Beth interjected, "But she was on a personal break when she was injured. Certainly that should not be the firm's responsibility?"

Holly gleefully reminded us that the "personal comfort doctrine" which provides for coverage during certain break activities has been applied to work performed from home. This doctrine is based on the premise that "the course of employment is not considered broken by certain acts relating to the personal comfort of the employee, as such acts are helpful to the employer in that they aid in efficient performance by the employee. (SCIF v. Workers' Compensation Appeals Bd. (Cardoza) (1967) 32 CCC 525, 527).

Holly added that this doctrine was applied to work performed at home in the panel decision filed on July 5, 2017 in Debora Tidwell v. Santa Clara Valley Transportation Authority, 2017 Cal. Wrk. Comp. P.D. LEXIS 325. In Tidwell the applicant sustained injury while transferring from their toilet to their wheelchair at their home during the workday. That injury was deemed industrial after it was found that the employer's extension of permission to the applicant to work from home turned their home into their "work station." The personal comfort doctrine was then applied to extend to the applicant's bathroom break.


Defendant's Writ of Review was denied by the Court of Appeal on November 1, 2017, after having their Petition for Reconsideration denied by both the WCJ and the Appeals Board, after arguing unsuccessfully the following:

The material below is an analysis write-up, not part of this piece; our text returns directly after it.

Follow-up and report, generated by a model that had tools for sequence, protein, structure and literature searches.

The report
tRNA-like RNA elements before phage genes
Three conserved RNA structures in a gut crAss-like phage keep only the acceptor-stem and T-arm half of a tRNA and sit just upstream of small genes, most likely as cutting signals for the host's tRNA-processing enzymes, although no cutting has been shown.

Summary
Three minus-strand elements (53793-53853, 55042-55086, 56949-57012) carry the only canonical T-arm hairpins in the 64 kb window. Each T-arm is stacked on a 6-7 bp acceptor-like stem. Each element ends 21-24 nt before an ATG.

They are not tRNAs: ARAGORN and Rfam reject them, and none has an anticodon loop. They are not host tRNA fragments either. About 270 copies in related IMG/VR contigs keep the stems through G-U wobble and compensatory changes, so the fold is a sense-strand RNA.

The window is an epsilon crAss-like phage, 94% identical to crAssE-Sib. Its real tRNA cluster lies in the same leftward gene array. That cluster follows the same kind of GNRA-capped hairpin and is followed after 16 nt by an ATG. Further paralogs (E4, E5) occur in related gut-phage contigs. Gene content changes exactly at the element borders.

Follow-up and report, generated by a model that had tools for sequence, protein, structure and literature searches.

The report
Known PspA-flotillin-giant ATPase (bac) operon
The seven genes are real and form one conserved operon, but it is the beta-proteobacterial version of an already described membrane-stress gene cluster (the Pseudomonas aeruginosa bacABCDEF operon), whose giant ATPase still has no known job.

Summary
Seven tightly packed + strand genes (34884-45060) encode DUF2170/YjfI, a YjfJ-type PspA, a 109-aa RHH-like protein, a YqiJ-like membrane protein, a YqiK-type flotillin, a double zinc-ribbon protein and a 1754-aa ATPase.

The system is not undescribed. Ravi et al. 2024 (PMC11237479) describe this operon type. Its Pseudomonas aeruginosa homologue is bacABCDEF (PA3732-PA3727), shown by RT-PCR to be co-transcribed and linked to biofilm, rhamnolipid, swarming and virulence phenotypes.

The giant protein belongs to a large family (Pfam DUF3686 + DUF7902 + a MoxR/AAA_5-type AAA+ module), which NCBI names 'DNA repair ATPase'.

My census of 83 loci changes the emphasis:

(1) the employer did not require that applicant work from home; (2)
                        applicant's workspace is limited to the area "around her workstation;" (3)
                        applicant was not providing work-related services at the time of her
                        injury; (4) the personal comfort doctrine has never been applied in a
                        published decision where the alleged injury occurred at home; and (5)
                        public policy dictates that injury arising out of and in the course of
                        employment must not be extended to remote work situations.

Holly was by now on cloud nine, cracking open another can of White Claw, so I saw this as an opportunity to pour some cold water on her argument. I pointed out to Beth and Holly that there are limits to the ability to claim home as a second job site.

In a panel decision published on June 25, 2018, in Edwin Raquedan v. Viola, Inc., 2018 Cal. Wrk. Comp. P.D. LEXIS 343 one of our firm's shareholders and managing attorney of our Ventura office, Chuck Maki, successfully defended against a death claim in which the applicant's widow claimed that an accident sustained while returning home, where
the applicant had gone for lunch, should be considered industrial because the employee had taken work home with him. The applicant's attorney had attempted to argue that by taking work home, the employee had created the home as a second job site and thus circumvented the coming and going rule.

The applicant's widow filed a Petition for Writ of Review, which was denied on September 12, 2018. In their denial of the writ, the Court of Appeal found that there was no evidence that the applicant was required to work from home, as the ability to work from home conferred no benefit upon the employer since the employee could have performed the same work from his office. Citing the March 1, 1978 Court of Appeal decision in Bramall v. Workers' Comp. Appeals Bd., 78 Cal. App. 3d 151 it was emphasized that the " . . . 'circumstances of the employment-and not mere dictates of convenience to the employee' must have required the work to be done at home."